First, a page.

It is named after its discoverer, Harvey Friedman.
Let A and B be intuitionistic formulas, where no free variable of B is quantified in A.
The translation A is defined by replacing each atomic subformula C of A by C ∨ B.
For purposes of the translation, ⊥ is considered to be an atomic formula as well, hence it is replaced with ⊥ ∨ B (which is equivalent to B).
Note that ¬A is defined as an abbreviation for A → ⊥, hence (¬A) = A → B.
For example, if A is provable in Heyting arithmetic (HA), then A is also provable in HA.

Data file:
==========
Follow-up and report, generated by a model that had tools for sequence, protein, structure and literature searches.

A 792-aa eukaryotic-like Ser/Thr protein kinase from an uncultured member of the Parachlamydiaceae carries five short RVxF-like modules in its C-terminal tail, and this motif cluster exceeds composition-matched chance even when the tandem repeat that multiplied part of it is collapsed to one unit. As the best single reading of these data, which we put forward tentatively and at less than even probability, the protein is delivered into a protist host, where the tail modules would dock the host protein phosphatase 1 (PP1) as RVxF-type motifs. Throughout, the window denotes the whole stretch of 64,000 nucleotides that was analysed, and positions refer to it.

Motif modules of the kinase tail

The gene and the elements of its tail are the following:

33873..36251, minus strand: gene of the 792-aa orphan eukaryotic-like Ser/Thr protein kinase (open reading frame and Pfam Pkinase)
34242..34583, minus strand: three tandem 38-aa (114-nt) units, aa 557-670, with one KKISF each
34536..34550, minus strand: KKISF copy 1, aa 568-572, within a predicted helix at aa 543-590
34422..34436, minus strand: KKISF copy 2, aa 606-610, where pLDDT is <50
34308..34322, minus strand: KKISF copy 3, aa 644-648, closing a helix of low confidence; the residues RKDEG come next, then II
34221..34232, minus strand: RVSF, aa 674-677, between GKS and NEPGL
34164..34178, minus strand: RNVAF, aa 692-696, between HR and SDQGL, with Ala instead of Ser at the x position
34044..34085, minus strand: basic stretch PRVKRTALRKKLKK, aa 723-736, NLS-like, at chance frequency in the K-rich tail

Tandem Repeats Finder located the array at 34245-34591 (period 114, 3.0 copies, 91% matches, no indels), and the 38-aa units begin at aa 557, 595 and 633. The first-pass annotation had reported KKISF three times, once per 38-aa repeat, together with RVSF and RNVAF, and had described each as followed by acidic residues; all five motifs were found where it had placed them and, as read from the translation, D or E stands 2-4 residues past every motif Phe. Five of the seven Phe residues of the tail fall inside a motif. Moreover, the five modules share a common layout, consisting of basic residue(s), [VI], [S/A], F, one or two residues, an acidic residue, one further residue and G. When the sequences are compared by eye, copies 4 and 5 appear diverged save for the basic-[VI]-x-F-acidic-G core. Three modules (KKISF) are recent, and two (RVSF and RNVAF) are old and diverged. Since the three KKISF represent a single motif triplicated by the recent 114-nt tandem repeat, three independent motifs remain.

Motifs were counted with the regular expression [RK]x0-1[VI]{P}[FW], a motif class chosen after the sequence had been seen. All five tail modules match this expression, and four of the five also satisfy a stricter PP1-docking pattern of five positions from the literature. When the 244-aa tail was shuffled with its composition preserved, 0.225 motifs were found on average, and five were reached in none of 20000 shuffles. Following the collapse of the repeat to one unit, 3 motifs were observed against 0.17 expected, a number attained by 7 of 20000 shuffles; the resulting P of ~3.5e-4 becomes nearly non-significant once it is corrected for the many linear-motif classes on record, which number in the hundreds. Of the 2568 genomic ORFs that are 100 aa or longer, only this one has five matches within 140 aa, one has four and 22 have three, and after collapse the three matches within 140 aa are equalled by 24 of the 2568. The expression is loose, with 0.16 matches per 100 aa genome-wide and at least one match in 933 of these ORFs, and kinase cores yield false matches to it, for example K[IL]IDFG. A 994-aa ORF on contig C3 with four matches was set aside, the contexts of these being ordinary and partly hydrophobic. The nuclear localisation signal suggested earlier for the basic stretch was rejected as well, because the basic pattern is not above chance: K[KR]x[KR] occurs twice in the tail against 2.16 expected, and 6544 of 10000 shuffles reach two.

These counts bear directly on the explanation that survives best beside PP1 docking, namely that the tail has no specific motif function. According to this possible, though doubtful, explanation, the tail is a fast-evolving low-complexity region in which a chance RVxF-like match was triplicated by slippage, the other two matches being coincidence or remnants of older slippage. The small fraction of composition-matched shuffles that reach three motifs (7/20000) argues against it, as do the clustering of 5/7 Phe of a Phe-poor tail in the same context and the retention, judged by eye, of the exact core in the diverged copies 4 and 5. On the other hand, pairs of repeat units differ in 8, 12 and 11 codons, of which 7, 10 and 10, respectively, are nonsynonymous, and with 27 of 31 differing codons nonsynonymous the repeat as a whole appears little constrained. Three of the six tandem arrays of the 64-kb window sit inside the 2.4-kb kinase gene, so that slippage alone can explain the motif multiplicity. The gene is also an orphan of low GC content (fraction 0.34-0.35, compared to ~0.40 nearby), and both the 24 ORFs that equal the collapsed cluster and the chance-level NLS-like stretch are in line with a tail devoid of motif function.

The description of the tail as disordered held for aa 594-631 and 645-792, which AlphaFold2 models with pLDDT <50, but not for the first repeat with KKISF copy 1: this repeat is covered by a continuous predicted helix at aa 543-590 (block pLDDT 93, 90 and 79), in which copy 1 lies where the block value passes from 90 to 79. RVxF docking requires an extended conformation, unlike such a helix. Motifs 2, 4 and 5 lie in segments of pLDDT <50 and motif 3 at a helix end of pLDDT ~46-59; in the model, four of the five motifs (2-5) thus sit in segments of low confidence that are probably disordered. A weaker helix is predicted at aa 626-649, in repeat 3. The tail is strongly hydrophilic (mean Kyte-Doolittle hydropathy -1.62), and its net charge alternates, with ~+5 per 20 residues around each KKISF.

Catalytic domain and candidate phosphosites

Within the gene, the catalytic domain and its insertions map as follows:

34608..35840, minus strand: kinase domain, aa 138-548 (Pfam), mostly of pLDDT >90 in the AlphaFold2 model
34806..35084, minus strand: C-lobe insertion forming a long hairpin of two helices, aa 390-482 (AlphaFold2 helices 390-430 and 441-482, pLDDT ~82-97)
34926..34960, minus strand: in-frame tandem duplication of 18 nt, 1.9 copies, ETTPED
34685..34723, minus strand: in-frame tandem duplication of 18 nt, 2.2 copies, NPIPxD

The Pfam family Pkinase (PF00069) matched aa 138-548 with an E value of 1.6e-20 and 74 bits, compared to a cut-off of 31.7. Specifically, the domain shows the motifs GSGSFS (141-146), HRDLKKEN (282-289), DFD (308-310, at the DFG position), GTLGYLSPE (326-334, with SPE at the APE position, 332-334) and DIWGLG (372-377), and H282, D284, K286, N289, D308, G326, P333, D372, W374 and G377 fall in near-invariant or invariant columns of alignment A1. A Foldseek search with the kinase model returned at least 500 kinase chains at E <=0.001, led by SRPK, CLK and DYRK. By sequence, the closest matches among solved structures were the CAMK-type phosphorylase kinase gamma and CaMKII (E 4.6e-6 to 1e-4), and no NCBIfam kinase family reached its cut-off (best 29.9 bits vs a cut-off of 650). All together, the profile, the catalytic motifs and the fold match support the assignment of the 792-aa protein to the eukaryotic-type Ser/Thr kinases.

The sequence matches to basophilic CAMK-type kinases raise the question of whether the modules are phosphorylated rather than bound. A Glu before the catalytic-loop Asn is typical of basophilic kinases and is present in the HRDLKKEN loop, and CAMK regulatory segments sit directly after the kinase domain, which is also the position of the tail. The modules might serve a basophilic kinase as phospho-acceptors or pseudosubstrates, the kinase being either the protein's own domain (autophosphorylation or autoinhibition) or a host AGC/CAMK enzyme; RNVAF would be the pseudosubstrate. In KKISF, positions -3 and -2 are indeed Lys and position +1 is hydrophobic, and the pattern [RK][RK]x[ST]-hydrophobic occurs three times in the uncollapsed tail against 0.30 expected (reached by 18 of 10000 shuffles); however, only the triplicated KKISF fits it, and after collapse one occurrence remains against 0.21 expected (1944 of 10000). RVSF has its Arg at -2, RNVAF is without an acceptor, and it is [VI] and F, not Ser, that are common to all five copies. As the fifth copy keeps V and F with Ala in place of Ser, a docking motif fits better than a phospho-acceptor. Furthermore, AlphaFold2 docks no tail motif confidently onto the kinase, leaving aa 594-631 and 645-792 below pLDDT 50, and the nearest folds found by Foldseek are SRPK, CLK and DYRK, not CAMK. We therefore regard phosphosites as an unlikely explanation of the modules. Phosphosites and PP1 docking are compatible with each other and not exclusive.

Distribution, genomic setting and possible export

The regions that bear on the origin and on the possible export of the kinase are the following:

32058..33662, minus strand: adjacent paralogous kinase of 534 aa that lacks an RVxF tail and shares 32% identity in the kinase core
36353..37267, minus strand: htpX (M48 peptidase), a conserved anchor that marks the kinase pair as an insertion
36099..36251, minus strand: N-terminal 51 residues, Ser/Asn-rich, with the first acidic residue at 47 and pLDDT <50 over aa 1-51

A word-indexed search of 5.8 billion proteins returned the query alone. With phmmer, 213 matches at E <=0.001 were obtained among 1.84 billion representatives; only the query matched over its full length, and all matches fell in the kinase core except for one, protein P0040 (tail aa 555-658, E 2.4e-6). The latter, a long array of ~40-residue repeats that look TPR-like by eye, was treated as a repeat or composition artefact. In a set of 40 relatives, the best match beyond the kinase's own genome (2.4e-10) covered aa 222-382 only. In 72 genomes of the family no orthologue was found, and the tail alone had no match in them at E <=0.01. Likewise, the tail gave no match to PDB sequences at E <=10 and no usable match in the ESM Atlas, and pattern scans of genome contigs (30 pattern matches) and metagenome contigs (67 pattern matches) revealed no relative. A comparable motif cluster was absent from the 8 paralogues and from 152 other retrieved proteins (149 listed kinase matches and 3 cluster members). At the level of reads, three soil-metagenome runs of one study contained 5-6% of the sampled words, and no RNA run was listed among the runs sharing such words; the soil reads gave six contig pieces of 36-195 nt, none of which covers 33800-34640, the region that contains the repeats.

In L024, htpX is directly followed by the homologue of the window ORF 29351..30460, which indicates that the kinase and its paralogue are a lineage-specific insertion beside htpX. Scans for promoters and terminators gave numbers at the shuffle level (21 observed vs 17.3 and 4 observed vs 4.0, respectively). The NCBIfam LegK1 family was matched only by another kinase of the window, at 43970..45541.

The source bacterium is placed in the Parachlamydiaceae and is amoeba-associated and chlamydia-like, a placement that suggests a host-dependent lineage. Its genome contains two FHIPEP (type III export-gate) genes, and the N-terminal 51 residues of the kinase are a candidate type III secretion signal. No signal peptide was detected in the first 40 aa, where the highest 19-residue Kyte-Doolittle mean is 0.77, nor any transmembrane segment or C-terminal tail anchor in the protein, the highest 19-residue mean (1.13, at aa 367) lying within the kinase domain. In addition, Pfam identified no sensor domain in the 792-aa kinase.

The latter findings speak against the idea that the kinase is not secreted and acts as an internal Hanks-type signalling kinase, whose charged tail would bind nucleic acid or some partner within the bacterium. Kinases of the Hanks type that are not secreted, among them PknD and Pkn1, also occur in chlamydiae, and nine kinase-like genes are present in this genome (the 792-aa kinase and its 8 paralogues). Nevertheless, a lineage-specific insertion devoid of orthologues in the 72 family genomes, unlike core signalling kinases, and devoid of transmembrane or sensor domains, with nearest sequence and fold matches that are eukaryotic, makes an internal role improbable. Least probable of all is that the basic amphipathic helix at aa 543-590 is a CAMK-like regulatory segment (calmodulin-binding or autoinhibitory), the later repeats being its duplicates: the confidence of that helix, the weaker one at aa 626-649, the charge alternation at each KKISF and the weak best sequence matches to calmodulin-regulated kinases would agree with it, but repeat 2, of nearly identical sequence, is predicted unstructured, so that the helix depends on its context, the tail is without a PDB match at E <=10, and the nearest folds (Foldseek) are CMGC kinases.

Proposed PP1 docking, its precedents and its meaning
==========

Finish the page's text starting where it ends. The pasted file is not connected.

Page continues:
Moreover, if A is a Σ1-formula, then A is in HA equivalent to A ∨ B.
This implies that:
- Heyting arithmetic is closed under the primitive recursive Markov rule (MPPR): if the formula ¬¬A is provable in HA, where A is a Σ1-formula, then A is also provable in HA.
- Peano arithmetic is Π2-conservative over Heyting arithmetic: if Peano arithmetic proves a Π2-formula A, then A is already provable in HA.
Credits to the contents of this page go to the authors of the corresponding Wikipedia page: en.wikipedia.org/wiki/Friedman translation.